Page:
Tuesday, February 4, 2014

How do you Sauté Vegetables and Meats Like a Famous Chef?


Sautéing (from the French sauté, lit. "jumped, bounced" in reference to tossing while cooking) is a method of cooking food, that uses a small amount of oil or fat in a shallow pan over relatively high heat. Ingredients are usually cut into pieces or thinly sliced to facilitate fast cooking. The primary mode of heat transfer during sautéing is conduction between the pan and the food being cooked. Food that is sautéed is browned while preserving its texture, moisture and flavor. If meat, chicken, or fish is sautéed, the sauté is often finished by deglazing the pan's residue to make a sauce.

Home cooks sometimes have problems sautéing because our stoves don’t get hot enough to brown foods properly. Because all foods contain water that is released when the food is heated, sautéing requires high heat to evaporate this water as soon as it is released and to allow the outer surface of the food to develop a savory crust of caramelized natural sugars and other compounds. If your pan isn’t hot enough, the water is released too quickly, the temperature of the pan is lowered even more, and your food boils or steams in its own juices and never browns. Other than going out and buying a professional stove that delivers intense heat, there are a couple of ways to prevent this.

Chef Tricks for Sautéing Vegetables and Meats

First, use the heaviest pan or pot you’ve got. Heavy pots and pans not only provide even heat, they retain heat so their temperature doesn’t drop so quickly once you start adding food.

Second, and perhaps most important, add foods to be sautéed only a little bit at a time, making sure that the foods start to brown before you add more. If you’re sautéing meat, don’t start turning it until the side touching the pan is completely browned, and when you do start turning, turn only a few of the pieces at a time.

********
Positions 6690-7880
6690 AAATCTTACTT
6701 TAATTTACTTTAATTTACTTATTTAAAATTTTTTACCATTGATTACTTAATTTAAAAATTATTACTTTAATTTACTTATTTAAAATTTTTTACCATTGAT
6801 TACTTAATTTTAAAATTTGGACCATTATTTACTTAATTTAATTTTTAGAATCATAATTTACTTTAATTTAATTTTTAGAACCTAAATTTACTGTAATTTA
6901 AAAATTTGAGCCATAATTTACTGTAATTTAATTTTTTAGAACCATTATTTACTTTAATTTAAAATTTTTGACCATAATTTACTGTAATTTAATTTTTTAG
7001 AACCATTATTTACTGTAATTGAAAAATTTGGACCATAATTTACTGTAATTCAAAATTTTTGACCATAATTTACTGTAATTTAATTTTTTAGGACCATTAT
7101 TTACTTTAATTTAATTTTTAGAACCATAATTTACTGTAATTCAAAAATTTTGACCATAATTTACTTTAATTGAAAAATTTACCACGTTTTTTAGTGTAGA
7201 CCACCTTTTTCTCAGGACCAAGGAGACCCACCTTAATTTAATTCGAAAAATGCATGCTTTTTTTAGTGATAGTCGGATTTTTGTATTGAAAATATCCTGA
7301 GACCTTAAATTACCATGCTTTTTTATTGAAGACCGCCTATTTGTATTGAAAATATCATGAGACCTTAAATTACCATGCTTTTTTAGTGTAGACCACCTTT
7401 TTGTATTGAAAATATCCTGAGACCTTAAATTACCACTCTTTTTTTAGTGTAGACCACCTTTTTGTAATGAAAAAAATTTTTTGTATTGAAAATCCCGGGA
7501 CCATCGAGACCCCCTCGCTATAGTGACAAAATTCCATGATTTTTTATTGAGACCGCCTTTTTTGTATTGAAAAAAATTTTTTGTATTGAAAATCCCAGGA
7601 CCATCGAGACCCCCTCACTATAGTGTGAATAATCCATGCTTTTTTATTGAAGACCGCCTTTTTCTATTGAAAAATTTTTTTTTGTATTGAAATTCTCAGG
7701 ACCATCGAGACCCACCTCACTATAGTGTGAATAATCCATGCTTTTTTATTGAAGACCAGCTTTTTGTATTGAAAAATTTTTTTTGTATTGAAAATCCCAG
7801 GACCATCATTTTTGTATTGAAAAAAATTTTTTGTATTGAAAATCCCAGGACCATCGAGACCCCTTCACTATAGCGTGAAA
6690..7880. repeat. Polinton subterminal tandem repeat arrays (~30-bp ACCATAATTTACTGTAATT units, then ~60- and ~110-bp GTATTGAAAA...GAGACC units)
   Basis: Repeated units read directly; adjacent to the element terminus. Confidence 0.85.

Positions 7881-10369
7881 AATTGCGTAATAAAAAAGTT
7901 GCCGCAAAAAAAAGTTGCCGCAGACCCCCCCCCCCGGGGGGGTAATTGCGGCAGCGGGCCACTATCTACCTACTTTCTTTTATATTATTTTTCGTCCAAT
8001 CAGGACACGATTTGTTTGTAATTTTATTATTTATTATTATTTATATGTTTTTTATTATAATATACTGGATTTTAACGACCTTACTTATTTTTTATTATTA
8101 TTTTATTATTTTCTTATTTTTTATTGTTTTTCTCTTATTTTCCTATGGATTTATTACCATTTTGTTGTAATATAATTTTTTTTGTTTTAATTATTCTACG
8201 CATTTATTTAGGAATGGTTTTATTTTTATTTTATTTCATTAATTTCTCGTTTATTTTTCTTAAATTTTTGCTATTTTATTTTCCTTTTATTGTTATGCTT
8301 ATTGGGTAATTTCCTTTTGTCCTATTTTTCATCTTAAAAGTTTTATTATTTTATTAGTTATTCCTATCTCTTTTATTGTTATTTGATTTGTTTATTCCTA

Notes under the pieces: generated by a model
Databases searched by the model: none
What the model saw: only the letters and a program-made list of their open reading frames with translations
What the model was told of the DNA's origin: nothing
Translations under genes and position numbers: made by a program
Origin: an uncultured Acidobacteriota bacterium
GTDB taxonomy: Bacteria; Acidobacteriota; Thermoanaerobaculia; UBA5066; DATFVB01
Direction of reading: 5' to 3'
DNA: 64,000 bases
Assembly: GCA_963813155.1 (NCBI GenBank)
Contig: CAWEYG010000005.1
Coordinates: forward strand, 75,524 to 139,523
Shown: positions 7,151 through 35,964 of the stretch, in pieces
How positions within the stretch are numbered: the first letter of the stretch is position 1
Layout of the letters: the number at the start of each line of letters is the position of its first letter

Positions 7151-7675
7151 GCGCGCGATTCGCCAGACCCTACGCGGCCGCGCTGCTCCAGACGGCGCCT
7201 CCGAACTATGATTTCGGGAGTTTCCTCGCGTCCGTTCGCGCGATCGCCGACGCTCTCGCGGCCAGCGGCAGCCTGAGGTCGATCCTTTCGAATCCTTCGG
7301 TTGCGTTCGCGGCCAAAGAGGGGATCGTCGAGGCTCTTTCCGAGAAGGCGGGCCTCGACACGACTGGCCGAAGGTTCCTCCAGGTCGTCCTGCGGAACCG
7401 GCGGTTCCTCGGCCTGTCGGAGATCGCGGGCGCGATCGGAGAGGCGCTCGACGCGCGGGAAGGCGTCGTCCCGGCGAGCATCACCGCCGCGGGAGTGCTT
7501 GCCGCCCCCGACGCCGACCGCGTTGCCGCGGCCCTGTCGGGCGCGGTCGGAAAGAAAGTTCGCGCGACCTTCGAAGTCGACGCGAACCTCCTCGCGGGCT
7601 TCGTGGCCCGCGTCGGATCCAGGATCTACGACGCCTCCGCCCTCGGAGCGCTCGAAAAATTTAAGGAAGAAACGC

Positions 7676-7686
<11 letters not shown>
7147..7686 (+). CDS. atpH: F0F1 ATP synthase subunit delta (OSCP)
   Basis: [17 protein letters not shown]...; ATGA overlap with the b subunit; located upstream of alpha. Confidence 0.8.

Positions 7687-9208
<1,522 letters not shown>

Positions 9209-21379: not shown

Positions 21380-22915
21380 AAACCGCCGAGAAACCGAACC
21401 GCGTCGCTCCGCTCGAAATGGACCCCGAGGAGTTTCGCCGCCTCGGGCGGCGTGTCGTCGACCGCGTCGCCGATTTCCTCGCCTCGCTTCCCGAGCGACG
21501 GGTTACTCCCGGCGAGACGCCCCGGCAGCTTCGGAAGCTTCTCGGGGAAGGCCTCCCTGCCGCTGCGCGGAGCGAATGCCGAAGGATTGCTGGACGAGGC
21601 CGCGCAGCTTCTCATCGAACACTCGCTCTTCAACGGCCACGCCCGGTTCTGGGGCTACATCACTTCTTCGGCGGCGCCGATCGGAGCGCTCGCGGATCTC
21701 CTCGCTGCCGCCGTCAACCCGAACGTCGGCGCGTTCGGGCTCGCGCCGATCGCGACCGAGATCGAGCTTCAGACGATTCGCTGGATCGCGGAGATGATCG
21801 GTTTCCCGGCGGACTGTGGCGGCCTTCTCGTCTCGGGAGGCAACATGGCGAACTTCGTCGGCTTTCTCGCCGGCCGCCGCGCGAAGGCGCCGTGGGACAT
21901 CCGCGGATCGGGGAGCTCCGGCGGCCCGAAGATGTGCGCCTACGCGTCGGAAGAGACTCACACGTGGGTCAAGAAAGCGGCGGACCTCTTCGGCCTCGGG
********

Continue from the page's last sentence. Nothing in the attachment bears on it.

Last, if you have a choice, use a pan that’s shiny rather than dark on the inside. This allows you to see if you’re burning the juices. If you are, rinse out the pan while it’s still hot, once you’ve browned all the meat.

What's the difference between sautéing and pan searing?

Sautéing is often confused with pan frying, in which larger pieces of food (for example, chops or steaks) are cooked quickly, and flipped onto both sides. Some cooks make a distinction between the two based on the depth of the oil used, while others use the terms interchangeably. Sautéing differs from searing in that searing only browns the surface of the food. Olive oil or clarified butter are commonly used for sautéing, but most fats will do. Regular butter will produce more flavor but will burn at a lower temperature and more quickly than other fats due to the presence of milk solids, so clarified butter is more fit for this use.

Sautéing Technique

In a sauté, all the ingredients are heated at once, and cooked quickly. To facilitate this, the ingredients are rapidly moved around in the pan, either by the use of a utensil, or by repeatedly jerking the pan itself. A sauté pan must be large enough to hold all of the food in one layer, so steam can escape - which keeps the ingredients from stewing, and promotes the development of fond.

Most pans sold specifically as sauté pans have a wide flat base and low sides, to maximize the surface area available for heating. The low sides allow quick evaporation and escape of steam. While skillets typically have flared or rounded sides, sauté pans typically have straight, vertical sides - this keeps the ingredients from escaping as the pan is jerked or stirred. The culinary term fond, French for "base" or "foundation", refers to this sauce, although it is also sometimes used to describe the browned food bits instead (commonly in the United States).

Only enough fat to lightly coat the bottom of the pan is needed for sautéing; too much fat will cause the food to fry rather than just to slide, and may interfere with the development of fond. The food is spread across the hot fat in the pan, and left to brown, turning or tossing frequently for even cooking. The sauté technique involves gripping the handle of the sauté pan firmly, and using a sharp elbow motion to rapidly jerk the pan back toward you, repeating as necessary to ensure the ingredients have been thoroughly jumped. Tossing or stirring the items in the pan by shaking the pan too often, however, can cause the pan to cool faster and make the sauté take longer.

Learn about the Physics of Cooking Meat

Watch a Professional Chef Demonstrate his Sautéing Technique?

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